Tampa Bay Rays
Dillon set to catch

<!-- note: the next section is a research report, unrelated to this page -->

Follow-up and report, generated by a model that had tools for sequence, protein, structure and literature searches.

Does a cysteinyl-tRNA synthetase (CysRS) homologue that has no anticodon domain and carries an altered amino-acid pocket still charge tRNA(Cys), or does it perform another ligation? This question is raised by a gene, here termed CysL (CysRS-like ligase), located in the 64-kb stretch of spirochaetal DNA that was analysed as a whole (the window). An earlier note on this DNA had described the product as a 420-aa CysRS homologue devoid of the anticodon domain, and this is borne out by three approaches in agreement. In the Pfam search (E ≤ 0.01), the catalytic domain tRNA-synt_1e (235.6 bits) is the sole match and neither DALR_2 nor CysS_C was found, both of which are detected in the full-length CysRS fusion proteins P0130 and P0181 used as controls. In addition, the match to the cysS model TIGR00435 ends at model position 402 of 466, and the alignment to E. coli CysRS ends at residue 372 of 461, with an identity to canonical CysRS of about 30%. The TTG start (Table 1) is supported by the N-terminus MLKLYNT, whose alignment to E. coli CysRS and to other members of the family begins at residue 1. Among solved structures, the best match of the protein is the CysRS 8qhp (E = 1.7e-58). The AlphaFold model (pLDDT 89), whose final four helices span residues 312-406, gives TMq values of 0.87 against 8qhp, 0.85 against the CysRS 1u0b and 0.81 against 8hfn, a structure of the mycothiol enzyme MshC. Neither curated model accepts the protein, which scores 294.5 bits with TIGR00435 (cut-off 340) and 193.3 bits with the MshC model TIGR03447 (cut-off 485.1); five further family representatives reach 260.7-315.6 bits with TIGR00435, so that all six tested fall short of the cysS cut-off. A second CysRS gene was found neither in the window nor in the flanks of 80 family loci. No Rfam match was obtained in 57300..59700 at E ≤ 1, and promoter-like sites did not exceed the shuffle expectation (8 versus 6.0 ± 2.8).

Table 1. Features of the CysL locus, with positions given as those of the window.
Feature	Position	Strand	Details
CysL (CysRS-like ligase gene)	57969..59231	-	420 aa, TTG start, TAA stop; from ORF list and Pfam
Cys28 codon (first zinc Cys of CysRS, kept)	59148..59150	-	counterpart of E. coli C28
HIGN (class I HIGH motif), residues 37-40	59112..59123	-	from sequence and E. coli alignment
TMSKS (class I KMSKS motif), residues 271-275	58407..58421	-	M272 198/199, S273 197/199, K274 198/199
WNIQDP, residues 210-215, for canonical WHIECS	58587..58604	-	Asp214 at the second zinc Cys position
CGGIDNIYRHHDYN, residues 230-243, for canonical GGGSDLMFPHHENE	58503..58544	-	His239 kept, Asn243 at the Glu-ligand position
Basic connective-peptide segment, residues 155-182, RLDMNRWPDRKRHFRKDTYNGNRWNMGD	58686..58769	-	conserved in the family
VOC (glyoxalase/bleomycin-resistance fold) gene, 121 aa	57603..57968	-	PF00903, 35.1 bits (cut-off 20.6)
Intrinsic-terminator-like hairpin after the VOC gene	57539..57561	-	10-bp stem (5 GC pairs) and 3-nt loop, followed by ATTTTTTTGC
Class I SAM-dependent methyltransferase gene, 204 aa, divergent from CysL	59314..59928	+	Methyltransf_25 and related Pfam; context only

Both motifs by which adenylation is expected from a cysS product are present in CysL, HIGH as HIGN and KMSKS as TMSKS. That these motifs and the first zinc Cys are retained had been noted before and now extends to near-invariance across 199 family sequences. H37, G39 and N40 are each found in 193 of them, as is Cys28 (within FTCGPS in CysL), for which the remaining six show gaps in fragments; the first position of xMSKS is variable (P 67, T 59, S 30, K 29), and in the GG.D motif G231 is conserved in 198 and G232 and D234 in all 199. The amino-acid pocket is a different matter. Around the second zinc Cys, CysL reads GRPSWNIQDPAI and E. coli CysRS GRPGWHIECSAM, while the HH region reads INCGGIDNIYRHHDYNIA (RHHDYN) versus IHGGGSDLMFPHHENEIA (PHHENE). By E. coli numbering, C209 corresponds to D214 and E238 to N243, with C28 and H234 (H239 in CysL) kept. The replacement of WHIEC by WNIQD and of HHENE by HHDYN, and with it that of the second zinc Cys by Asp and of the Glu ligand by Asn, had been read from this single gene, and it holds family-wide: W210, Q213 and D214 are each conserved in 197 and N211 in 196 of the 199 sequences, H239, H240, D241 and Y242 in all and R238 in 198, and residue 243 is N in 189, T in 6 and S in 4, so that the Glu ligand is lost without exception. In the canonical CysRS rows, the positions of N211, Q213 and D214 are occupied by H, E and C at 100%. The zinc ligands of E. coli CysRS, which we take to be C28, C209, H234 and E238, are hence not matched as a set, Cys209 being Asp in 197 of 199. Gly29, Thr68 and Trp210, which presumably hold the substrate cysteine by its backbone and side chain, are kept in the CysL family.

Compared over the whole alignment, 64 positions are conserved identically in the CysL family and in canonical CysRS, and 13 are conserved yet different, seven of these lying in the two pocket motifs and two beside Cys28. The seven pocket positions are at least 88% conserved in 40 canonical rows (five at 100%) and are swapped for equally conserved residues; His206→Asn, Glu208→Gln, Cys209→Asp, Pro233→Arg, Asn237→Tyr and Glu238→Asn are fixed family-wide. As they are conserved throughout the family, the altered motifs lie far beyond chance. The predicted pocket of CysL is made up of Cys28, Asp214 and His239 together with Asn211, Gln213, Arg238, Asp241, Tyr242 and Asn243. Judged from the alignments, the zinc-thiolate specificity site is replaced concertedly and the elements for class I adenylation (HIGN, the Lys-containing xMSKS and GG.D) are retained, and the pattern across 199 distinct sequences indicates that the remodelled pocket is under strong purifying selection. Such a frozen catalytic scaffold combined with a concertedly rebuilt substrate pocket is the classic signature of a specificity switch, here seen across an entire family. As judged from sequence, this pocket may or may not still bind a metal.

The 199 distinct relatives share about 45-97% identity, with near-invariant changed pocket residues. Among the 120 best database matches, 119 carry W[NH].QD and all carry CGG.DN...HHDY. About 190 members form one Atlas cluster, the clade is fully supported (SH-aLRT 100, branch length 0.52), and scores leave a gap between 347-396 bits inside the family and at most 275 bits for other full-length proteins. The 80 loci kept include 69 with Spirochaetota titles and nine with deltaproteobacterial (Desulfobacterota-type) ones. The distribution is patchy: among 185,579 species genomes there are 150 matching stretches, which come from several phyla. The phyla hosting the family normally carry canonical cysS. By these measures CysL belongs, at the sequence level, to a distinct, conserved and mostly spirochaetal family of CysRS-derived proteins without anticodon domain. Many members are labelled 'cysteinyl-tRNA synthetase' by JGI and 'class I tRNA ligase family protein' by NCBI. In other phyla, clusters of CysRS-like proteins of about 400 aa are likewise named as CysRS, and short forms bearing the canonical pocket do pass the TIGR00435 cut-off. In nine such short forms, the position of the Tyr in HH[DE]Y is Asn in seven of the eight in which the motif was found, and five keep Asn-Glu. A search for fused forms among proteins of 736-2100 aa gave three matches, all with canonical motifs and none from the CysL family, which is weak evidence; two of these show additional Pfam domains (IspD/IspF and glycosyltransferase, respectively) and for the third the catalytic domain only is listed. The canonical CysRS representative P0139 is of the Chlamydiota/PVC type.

PORT CHARLOTTE - Joe Dillon walked off a practice field late Friday morning wearing shin guards, a chest protector and a catcher's mask pushed back on top of his head, looking very much the part of the grizzled catcher. He's not. He's an infielder. And an outfielder. And a designated hitter, if you need one. Dillon is 34. He has played in 957 minor-league games and 137 major-league games during his 13-year pro career. He has played first base, second base, third base, left and right fields in the major leagues and shortstop during his stay at Triple-A Durham last summer. He has never caught an inning.Not once. But Dillon could this year if the well-traveled veteran finds a spot on the Rays' roster as a utility player and emergency catcher. "The more you can do, the more valuable you are," Dillon said. "You have to do something to separate yourself from the other guys. This is something I think I might be able to do." It's not like Dillon would compete with Dioner Navarro and Kelly Shoppach for playing time. He would just provide Manager Joe Maddon with a late-inning option, allowing Maddon to pinch-hit or pinch-run for his catcher and know the Rays are covered should the backup that night get hurt. "When you put your backup catcher in the game and you don't really have a solid third guy or a guy that you feel can at least defend himself, it's really a bad feeling," Maddon said. "But I know he'll be able to defend himself. He already looks good back there." Dillon is making an unusual move, especially for a player his age. "That's probably the hardest transition in baseball, going from another position to catching," Durham catcher John Jaso said. "I've seen guys try to do it in the minor leagues and give up. I wonder if it's one of those things you have to be brought up doing." Shoppach watched Dillon catch during the first day of camp and was surprised to learn he wasn't a catcher. "He must be a good athlete," Shoppach said. "People don't realize it, but you have to be a good athlete to be a catcher." And that's only the beginning. "It's like no other position," Maddon, a former Single-A catcher, said. "The game's in front of you. You're squatted down. There's a lot more mentally going on prior to each pitch. It's physically demanding. There's no comparison to any other position on the field." Dillon said the transition hasn't been all that daunting, though he admitted that could change once he gets behind the plate during a game. He has caught before, but that was summer ball while he was in high school. "I handled it better than I expected, and maybe a little better than they expected as well," Dillon said. "So far, so good. We'll keep plugging along and see how things go." Maddon asked Dillon to catch because he thinks Dillon has the hands needed to work behind the plate. Maddon also wouldn't mind getting Dillon's bat into the lineup more often. "Here's a guy who has a really good hack who doesn't have a regular position to play," Maddon said. "If he was 22, this could have been very exciting, because he's the type of guy you could switch positions with and build him into a major-league catcher. But for right now, just having him be a good third or emergency catcher, the way he swings the bat, his mind, his feel for the game, it's kind of an intriguing thing."
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